It is easy to get caught up in the bustle of life and to stop doing the the things needed to maintain healthy balance. Once off kilter it is so easy to fall into the traps of our negative behaviors, and for addicts and alcoholics that often means falling back into the throes of their addiction.
Relapse really starts before the actual drink or drugging. It shows its’ glaring face in other aspects of life and thought patterns. This is why it is so important to maintain a healthy balance in addiction recovery.
Here are a few warning signs to look out for. When you see these signs in your own life it may be a red flag to get back on track and into a healthy routine.
You Are Perpetually Sick
You Are Super Irritable
You Simply Can’t Concentrate
You Feel Like Everything Is A Chore
You Feel Down In The Dumps
You Experience A Breakdown
You Feel Incredibly Anxious
You Never Take Time For Yourself
You Feel The Days Blurring Together
You Feel Kinda Rundown
You Never Eat A Real Meal
Check out this article to learn more and to see what these signs are really telling you about what’s going on in your life:
Boundary setting is vital for the addict to do in recovery. Setting boundaries is the basis for a balanced life with healthy relationships, so learning this skill is part of a life of sobriety. The skill can help an addict through stressful times when risks of relapse typically increase.
Often addicts do not have healthy boundaries. They may push away people who care and instead seek the company of fellow addicts they barely know who encourage their addiction. But, while boundaries have been blurred by addiction, it is still possible to set clear boundaries again.
When healthy boundaries are rebuilt, a strong structure is in place for recovery. The person in rehab can then focus on goals for himself or herself, rather than wanting to please others, and practice self-exploration, which includes taking time to learn coping techniques for difficult situations that don’t require reaching for drugs or alcohol.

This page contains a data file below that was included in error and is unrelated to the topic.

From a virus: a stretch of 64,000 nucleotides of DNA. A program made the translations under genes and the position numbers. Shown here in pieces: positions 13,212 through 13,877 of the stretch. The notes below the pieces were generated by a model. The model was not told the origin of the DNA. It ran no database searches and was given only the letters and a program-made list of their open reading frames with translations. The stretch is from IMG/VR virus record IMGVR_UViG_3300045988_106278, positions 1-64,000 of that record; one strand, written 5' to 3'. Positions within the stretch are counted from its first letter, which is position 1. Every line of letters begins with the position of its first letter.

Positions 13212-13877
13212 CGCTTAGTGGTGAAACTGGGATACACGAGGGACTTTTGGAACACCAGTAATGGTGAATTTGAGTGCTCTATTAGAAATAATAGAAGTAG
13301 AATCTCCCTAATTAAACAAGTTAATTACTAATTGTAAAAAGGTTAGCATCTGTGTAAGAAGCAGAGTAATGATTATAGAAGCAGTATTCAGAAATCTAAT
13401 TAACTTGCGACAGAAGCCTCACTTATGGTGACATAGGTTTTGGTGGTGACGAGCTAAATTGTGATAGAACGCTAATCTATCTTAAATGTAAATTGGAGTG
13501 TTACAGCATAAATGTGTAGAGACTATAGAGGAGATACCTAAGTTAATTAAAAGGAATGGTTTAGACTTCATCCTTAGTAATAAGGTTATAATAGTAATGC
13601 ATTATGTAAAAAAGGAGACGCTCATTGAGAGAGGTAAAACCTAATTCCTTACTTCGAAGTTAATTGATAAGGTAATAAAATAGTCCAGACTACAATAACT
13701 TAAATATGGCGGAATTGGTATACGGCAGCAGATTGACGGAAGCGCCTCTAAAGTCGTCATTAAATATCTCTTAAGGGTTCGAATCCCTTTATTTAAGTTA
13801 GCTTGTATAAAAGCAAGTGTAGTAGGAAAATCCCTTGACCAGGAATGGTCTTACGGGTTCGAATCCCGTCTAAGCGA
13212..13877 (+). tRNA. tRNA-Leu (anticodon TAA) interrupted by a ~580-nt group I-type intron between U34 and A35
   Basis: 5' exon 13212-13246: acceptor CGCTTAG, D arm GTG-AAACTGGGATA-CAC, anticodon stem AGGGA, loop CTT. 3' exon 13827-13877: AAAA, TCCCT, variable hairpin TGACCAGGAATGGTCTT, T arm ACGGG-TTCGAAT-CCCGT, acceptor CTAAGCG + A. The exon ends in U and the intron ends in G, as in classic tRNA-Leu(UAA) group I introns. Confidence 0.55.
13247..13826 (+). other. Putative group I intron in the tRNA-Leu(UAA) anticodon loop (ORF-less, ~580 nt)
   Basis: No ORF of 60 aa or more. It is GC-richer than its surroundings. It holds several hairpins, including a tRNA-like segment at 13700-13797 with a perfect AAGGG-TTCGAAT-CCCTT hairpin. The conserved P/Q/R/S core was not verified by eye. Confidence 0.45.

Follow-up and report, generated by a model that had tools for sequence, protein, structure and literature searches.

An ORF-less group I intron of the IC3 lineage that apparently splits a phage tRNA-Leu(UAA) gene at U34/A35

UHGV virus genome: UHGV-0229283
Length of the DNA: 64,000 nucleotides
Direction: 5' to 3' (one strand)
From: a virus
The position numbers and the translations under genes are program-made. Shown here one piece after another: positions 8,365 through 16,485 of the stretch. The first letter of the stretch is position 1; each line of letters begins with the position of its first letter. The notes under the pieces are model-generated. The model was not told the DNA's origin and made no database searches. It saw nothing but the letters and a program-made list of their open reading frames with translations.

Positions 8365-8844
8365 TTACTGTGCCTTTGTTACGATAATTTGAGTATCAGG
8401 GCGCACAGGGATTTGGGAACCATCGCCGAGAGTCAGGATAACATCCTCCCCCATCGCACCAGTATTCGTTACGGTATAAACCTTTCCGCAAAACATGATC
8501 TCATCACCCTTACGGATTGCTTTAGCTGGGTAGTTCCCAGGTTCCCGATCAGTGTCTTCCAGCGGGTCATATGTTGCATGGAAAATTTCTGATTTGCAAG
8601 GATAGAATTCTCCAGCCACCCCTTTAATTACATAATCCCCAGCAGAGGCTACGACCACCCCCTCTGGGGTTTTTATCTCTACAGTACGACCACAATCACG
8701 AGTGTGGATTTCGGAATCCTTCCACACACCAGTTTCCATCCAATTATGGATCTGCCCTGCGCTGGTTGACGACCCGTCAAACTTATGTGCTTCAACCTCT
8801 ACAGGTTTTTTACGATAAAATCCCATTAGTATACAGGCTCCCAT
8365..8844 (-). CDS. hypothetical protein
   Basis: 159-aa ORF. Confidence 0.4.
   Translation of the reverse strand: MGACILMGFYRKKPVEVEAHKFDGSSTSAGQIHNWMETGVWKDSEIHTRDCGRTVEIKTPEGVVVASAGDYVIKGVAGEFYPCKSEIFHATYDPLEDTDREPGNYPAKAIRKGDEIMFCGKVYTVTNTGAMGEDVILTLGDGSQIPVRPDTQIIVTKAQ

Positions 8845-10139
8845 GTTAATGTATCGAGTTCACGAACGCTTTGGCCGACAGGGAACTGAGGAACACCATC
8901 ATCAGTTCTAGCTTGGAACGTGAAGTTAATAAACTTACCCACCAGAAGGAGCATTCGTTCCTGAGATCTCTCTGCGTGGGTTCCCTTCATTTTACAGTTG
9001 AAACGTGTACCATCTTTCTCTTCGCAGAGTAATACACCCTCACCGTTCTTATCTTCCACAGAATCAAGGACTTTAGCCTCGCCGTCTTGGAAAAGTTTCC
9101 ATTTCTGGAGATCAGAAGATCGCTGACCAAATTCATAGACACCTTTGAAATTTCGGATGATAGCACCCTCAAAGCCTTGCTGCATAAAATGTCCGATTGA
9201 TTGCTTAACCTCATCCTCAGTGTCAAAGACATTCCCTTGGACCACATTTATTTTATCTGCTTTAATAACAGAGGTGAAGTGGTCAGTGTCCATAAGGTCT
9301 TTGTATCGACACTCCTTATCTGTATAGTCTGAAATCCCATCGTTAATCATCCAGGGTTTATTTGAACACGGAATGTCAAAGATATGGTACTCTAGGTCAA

Create firm boundaries with people who support recovery, whether they be family members, friends, church members, or others. By building relationships with a supportive network again, the path to recovery develops more definition and is easier to follow. Boundaries in place with these people help to protect a recovering addict’s morals and values, as well as provide emotional stability and put this individual in a place to take responsibility for future behaviors.
Friends who are substance abuse users are tricky ones when it comes to setting boundaries. The boundaries must be clear so that the person in recovery is not in a tempting environment to return to drugs or alcohol. Unhealthy emotional boundaries can cause a spiral that leads to connecting with inappropriate friends and becoming emotionally attached to them; these supposed friendships are likely to hurt recovery success because they are disrespectful and all-consuming. In other words, there are no clear boundaries.
The difficult part about setting clear boundaries with fellow users is that they will likely feel betrayed and angry at the person seeking recovery. Creating boundaries in this case might be easier to do with the help of a therapist or mentor. Healthy boundaries could include only meeting these friends during daylight hours or in places that do not trigger cravings.
Once boundaries are set, they will likely be put to the test. But by choosing not to let people violate the set boundaries, recovering drug addicts or alcoholics can start to reclaim control of their lives, practice self-care, and not blame others for their issues.